Despite sins of the past, Dallas Charter is working; proves prevention of abuse of children is possible

As published in the Northwest Indiana Catholic on September 30, 2018

 

      In various conversations I have had recently with folks around the diocese regarding clergy sexual abuse in the Catholic Church, I have learned that many people do not know about the Charter for the Protection of Children and Young People, also known as the Dallas Charter, instituted in 2002 and the effective efforts made in the last 16 years to create a safe environment for our children and vulnerable adults. 

      Some people I have conversed with think the abuse reported in the media is current and expressed surprise to learn that the vast majority of it occurred decades ago. The passage of time does not reduce the suffering, pain and injustice of sexual abuse of minors or our responsibility to help them find healing and peace. Additionally, everyone should also know how we strive to create a safe environment for our children and how we handle allegations of abuse has profoundly changed for the better since the Dallas Charter.

      The Dallas Charter, instituted by the Catholic bishops of the United States in 2002, mandated various practices which our diocese follows faithfully. As a result, the Diocese of Gary requires all children in our Catholic schools and Religious Education classes, as well as all clergy, employees and volunteers who have any access to children to participate in educational classes regarding child abuse awareness, prevention and reporting protocols. 

      This year alone, we have trained 11,129 children, 410 educators, 938 employees, 113 active and retired priests, 80 deacons and 3,856 volunteers. In the past five years, we have trained a total of 61,677 children, 7,013 employees and 15,874 volunteers. Our diocese also conducts national background checks on all of the adults mentioned above, and rechecks them on a quarterly basis. Since July 2017, we have conducted 4,729 new national background checks.

      Each parish is required to have a local Safe Environment Coordinator and access to a Virtus (the educational program we use) training facilitator. Each parish is also required to post contact information for the Victims’ Assistance Coordinator and how to report allegations of abuse.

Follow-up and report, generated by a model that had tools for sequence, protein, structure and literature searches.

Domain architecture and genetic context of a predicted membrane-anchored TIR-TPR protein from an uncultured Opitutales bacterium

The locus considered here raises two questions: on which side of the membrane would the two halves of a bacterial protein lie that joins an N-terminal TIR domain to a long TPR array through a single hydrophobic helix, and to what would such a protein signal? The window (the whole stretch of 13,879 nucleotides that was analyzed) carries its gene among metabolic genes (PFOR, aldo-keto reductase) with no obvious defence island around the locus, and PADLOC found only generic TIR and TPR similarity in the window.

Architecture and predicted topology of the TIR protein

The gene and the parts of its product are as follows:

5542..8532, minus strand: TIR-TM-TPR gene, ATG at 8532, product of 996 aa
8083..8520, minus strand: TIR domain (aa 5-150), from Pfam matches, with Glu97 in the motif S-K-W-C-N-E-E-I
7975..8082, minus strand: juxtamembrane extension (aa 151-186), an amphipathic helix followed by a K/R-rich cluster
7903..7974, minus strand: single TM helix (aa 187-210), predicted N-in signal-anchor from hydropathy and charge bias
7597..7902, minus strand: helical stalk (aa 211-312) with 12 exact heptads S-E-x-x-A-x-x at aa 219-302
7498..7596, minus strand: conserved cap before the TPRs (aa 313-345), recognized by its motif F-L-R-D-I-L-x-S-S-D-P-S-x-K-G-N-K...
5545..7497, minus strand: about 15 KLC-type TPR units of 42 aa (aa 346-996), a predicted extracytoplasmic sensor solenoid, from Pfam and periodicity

The Diocese of Gary hosts a bi-annual conference for our Safe Environment Coordinators, which focuses on the prevention of child abuse, providing education on the most current information, such as grooming behaviors, Internet safety and our local county statistics surrounding abuse and neglect.

      The diocese hosts an annual Safe Environment contest for our school children, highlighting human respect and dignity and promotes Sexual Abuse Awareness Month every April in each parish and school.              We provide supplemental information to all our schools and religious education programs through the National Center for Missing and Exploited Children. This year, 30 principals and teachers were certified in the “No More Secrets” program and we will be training all our educators throughout the diocese in 2019, in addition to our Virtus program.

      While no system is perfect, these efforts have contributed greatly to the creation of a safe environment and a deep sense of awareness regarding these challenges among our leaders, parishioners and our children themselves. We can never apologize enough to the victims, or cease doing what we can to help them, but we can commit ourselves to ensuring that the sexual abuse of minors by leaders and volunteers within the Church will never happen again.

      We have published the names of priests who have served in the Diocese of Gary and who have credible allegations against them of the sexual abuse of minors or vulnerable adults. I have encouraged our pastors to hold Masses or prayer services for healing and reparation and to listen to our people who may need to speak what they are thinking and feeling.

       I have listened to many people in these past weeks, some of whom have painfully experienced abuse themselves - some from within the Church and others in different environments, as well as folks who are simply struggling with the painful legacy of abuse as they strive to live their Catholic faith and to love the Church.

      I commend all of the good people in our diocese who serve, form and teach our children to know, love and serve Jesus as they grow to become the holy disciples that the Lord has called them to be. Our schools, religious education programs, sports activities, service projects, youth events, retreats and mission trips all exist to help the next generation to accept the love and calling of the Lord. 

      I give thanks for all the good that flourishes, even as we continue to seek healing for the painful sins and failures of the past. 

 

       + Donald J. Hying